3. Whistleblower “Impeding” Cases Are Expanding and Are Now the “Bread and Butter” of the Whistleblower Office

The SEC continues to bring enforcement actions to protect whistleblowers and has expanded the scope of Rule 21F-17 cases. The SEC has now brought a total of sixteen actions against companies and individuals for violating Rule 21F-17, which prohibits taking steps “to impede an individual from communicating directly with the Commission staff about a possible securities law violation, including enforcing, or threatening to enforce, a confidentiality agreement.”7 Two of these sixteen actions were brought in FY 2022, and the enforcement of Rule 21F-17 continues to be a focus of the Commission.8 Indeed, during a recent panel discussion, the Chief of the SEC’s Office of the Whistleblower, Creola Kelly, explained that Rule 21F-17 impeding cases are now “bread and butter” cases for the Office.9

One of the two new cases brought in FY 2022 also reflected an expansion of the scope of conduct that the Commission will pursue in Rule 21F-17 cases. Specifically, in In the Matter of David Hansen, the SEC found that a company’s chief information officer violated Rule 21F-17 when he removed a whistleblower employee’s access to the company’s IT systems, which was seen as impeding the whistleblower’s communications with the SEC. See here and here.10 Also in FY 2022, a federal district court granted summary judgment to the Commission in SEC v. Collector’s Coffee Inc., which was a first of its kind Rule 21F-17 action that involved language in confidentiality provisions of investor documents.11

In light of the SEC’s expanded use of Rule 21F-17, companies should carefully review corporate documents and policies to ensure that there is nothing that the SEC might construe as impeding the ability of potential whistleblowers from reporting possible wrongdoing to the Commission. This includes investor documents, which may not have been considered previously, as well as severance agreements, confidentiality agreements, compliance manuals, and training materials (among others). Companies also should carefully consider with counsel any steps taken after an employee raises concerns internally or externally. As evidenced by the Hansen case, even seemingly routine actions might lead to charges in certain circumstances.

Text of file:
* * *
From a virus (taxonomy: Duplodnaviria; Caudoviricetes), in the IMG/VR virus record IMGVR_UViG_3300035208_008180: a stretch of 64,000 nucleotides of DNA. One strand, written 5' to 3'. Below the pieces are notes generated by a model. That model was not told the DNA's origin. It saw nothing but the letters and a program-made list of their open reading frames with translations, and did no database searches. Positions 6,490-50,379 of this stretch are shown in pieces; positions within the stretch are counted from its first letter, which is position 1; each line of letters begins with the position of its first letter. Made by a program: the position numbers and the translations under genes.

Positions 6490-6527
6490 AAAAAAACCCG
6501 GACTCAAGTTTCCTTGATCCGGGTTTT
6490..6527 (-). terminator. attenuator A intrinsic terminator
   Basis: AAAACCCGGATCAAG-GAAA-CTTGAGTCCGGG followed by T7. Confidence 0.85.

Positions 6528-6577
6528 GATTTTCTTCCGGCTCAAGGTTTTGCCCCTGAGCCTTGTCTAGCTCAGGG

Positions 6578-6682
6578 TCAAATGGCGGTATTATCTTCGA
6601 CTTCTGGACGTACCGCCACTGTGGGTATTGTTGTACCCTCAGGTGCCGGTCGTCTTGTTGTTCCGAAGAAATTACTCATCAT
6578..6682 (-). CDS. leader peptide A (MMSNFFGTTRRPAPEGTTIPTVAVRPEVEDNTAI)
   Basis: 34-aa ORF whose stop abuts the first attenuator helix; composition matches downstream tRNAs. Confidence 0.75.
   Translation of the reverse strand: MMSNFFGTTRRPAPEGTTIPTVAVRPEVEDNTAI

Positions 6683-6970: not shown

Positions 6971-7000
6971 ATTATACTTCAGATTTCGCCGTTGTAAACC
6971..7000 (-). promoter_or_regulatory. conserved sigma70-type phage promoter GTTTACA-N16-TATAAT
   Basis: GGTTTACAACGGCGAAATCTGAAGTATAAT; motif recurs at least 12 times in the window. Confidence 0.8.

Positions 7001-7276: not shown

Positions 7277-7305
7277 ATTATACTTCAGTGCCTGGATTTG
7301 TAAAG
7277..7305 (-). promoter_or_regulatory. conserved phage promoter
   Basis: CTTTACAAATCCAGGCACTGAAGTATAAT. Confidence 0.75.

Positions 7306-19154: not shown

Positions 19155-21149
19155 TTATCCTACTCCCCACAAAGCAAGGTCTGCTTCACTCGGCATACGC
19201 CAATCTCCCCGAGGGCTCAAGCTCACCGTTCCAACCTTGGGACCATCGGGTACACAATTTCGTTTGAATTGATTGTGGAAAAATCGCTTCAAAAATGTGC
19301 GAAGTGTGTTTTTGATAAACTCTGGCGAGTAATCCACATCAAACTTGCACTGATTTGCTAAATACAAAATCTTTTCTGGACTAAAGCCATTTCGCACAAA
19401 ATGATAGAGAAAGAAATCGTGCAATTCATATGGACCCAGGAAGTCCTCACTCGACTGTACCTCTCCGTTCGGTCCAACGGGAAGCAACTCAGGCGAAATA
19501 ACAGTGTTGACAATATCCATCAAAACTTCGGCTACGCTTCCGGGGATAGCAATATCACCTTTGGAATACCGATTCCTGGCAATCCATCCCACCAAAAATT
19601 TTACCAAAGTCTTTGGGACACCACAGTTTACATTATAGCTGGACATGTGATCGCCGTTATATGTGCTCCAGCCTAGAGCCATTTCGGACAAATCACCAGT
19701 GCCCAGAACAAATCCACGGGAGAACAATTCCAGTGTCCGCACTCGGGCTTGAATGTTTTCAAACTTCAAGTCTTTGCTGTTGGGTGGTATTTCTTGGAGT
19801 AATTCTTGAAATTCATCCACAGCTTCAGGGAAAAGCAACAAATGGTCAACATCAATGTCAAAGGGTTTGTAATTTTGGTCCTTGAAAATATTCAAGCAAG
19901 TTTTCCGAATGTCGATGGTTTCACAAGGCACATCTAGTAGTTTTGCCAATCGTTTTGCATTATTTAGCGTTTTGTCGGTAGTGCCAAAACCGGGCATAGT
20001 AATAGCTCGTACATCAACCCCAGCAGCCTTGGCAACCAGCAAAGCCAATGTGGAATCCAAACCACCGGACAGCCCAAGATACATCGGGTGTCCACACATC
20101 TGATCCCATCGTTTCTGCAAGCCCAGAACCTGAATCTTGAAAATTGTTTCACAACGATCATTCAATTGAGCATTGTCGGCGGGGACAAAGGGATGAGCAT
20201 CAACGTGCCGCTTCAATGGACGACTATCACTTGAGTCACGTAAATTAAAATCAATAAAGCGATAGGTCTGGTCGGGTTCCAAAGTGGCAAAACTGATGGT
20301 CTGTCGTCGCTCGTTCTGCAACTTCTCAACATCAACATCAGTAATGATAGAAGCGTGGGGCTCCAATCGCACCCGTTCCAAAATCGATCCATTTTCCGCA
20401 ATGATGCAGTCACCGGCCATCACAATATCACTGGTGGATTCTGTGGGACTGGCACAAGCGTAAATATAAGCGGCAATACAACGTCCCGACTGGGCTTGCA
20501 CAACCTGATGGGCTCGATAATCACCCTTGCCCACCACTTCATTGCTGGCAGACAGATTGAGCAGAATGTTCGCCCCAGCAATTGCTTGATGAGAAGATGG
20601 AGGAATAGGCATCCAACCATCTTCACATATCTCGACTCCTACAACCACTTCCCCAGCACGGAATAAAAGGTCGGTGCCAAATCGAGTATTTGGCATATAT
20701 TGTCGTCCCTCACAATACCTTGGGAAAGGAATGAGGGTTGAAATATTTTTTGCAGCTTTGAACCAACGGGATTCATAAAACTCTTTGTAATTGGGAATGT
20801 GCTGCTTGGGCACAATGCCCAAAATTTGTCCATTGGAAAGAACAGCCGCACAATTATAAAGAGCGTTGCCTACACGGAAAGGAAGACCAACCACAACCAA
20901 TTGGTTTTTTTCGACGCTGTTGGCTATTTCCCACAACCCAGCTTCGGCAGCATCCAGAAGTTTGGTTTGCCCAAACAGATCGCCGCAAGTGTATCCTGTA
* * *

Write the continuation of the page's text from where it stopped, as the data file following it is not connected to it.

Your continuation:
4. ICO and Crypto Heating Up

When submitting tips, whistleblowers are asked to characterize the nature of their allegations.12 In prior years, the top three categories of whistleblower allegations have been “Manipulation,” “Offering Fraud” and “Corporate Disclosures and Financials.”13 In FY 2022, however, “Initial Coin Offerings (ICO) and Cryptocurrencies” replaced “Corporate Disclosures and Financials” in the top three and was the third most common category of allegations, representing 14 percent of all complaints.14 In fact, the number of ICO/crypto tips has more than doubled in each of the prior two years—from 345 in FY 2020, to 762 in FY 2021, to 1,718 in FY 2022.15

As tips can be a lagging indicator, it is likely that similar increases will be seen in the number of enforcement investigations and actions involving ICO/crypto. This would also be consistent with developments in the crypto market as well as the SEC’s May 2022 announcement that it was renaming the “Cyber Unit” as the “Crypto Assets and Cyber Unit” and nearly doubling the size of the unit.

5. International Reach of the Program